Visualizations of Deep Learning, Recurrent Neural Networks, and Evolutionary Algorithms

## Thursday, November 19, 2009

### RNN evolution

I evolved a recurrent neural network (Elman network with 5 hidden sine nodes) on the 89-state maze task (described here) using CMA-ES (thanks to Nikolaus Hansen for making his source code publicly available!), and was able to get good results (approx. 52 time-steps to solve, averaged over 1000 trials.) Each time an improved solution was found, the parameters were written to a text file. The above graphic visualizes the progression of the parameters through time.

Visualization done with Processing 1.0.

## Thursday, August 20, 2009

### 77neurons: Cart-pole

This is the first video of my project with Jad Nohra; our project is called 77neurons.

This is the non-Markov version of the cart-pole problem (no velocity information given.) The controller is a recurrent neural network using 2 sinusoidal nodes in the hidden layer (as opposed to more standard sigmoids.) It is currently being trained with a simplistic stochastic local search procedure, but we intend to implement various forms of reinforcement learning in the future.

## Saturday, June 06, 2009

### Delayed N-Armed Bandit

I have been trying to more thoroughly understand concepts related to reinforcement learning; specifically temporal difference learning. I reread portions of the book by Barto and Sutton. One of the examples given in the book as a toy problem is that of the n-armed bandit. An interesting variant of this problem occurred to me – What if the rewards are not dispensed immediately, but rather after some fixed (or perhaps random) delay?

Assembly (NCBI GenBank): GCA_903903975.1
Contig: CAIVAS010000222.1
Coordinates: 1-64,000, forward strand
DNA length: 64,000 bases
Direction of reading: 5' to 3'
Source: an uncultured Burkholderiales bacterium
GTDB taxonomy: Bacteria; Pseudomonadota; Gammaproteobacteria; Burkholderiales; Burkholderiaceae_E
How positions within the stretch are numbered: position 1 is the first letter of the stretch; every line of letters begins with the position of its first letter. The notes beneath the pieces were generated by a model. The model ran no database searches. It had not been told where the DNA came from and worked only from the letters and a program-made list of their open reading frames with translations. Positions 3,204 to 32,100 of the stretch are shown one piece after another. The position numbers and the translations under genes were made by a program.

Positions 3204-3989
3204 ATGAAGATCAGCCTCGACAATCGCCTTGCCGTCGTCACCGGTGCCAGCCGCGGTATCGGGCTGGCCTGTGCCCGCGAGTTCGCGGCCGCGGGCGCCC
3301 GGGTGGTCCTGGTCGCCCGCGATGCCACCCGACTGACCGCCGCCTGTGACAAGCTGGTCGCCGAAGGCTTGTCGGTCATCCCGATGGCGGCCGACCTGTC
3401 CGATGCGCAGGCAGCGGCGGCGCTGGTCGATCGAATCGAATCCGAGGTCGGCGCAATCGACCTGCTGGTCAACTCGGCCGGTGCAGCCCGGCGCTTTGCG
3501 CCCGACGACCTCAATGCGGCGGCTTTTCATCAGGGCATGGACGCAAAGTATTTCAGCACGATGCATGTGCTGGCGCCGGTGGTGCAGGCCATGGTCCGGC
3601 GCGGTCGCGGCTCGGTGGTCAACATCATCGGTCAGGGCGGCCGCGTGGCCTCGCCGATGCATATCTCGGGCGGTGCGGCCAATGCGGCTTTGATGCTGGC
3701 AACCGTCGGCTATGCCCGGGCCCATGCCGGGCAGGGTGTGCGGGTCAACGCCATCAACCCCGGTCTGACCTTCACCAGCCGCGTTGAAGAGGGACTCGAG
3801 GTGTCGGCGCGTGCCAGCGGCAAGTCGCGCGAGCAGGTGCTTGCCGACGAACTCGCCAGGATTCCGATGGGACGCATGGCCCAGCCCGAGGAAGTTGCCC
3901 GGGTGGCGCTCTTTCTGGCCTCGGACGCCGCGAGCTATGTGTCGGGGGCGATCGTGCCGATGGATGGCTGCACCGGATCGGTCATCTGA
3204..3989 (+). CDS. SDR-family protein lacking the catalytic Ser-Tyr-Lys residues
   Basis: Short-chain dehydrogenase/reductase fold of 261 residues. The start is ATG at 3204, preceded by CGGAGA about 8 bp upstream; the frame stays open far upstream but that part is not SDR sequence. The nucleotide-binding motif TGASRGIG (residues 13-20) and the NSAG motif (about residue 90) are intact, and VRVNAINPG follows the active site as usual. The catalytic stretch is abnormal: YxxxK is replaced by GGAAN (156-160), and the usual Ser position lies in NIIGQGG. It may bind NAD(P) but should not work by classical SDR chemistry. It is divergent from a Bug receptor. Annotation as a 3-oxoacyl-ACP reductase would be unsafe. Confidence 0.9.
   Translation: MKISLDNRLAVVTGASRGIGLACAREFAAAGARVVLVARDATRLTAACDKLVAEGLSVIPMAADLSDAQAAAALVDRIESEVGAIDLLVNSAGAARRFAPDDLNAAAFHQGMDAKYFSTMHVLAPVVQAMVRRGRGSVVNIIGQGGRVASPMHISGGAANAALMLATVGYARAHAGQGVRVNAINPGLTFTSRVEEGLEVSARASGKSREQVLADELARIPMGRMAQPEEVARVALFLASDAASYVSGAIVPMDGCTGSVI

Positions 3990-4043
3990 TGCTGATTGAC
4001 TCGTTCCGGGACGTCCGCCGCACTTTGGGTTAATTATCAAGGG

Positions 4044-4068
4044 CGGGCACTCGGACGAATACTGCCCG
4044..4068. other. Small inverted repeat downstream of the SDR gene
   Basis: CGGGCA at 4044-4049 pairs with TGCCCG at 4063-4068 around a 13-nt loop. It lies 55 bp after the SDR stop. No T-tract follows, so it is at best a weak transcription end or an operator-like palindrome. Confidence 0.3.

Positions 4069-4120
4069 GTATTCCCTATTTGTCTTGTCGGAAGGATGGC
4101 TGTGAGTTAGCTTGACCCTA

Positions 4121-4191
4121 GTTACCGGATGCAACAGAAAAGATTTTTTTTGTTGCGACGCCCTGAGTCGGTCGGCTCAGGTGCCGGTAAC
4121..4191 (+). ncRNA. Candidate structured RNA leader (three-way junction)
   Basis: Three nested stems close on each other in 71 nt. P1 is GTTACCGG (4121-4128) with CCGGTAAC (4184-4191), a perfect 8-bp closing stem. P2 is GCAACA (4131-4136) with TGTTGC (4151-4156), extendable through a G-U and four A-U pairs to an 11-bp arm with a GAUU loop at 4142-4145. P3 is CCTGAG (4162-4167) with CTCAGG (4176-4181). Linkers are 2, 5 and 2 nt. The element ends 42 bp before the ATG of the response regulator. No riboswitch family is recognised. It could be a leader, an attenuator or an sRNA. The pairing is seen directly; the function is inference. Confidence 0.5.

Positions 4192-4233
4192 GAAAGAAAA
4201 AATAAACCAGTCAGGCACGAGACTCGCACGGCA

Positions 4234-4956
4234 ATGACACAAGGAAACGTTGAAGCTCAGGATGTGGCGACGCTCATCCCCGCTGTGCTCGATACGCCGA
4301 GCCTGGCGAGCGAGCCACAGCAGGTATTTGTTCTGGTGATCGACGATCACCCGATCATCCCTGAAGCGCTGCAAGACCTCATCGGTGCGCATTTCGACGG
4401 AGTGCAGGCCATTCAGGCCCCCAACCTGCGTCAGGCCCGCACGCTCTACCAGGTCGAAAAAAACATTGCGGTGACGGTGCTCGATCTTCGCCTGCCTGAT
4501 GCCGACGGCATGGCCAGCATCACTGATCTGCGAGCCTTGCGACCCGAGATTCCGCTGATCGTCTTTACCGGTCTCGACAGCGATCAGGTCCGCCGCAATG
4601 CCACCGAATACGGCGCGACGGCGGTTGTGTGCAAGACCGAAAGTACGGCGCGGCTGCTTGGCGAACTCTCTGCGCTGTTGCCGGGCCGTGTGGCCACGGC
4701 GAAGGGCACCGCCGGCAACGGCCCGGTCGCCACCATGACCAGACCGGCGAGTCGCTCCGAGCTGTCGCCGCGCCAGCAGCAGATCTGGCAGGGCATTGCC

Imagine walking into a casino and being given one hour to play a large group of slot machines. However, unlike regular slot machines, these ones will produce a fixed amount of coins per pull. The trick is to figure out which slot machine gives you the most reward, and then exploit it. Sounds simple, right? There are two caveats: First, the machines will only give you the coins after some unknown delay. Second, when you receive the coins, you will not know the identity of the machine that produced the reward.

I wrote a fairly simple program in java to do this experiment by making use of eligibility traces, and found that it worked far better than I had expected was possible. Given a large number of possible actions (say n = 30), the system was able to properly assign credit to actions such that for all actions in A, if the real reward R(A

In order to understand how and why this worked, I attempted to characterize the result mathematically, and was able to do so in a way that very closely matched the empirical results:

Where:

This rather simple equation appears to nearly perfectly describe the observed results in the limit of a great number of observations.

The main technique used is treating the “volume” of eligibility as the sum of an infinite geometric series, which is where the 1 / (1 – r) terms come from. Basically, we are assuming a randomized action policy, and therefore, an average over all possible rewards weighted by their relative likelihoods. These rewards will be (incorrectly) applied to our “causal” action, weighted by the eligibility. The one difference is the time-step at which the “actual” reward is emitted; this will be weighted by the eligibility at that delay, which is represented by the r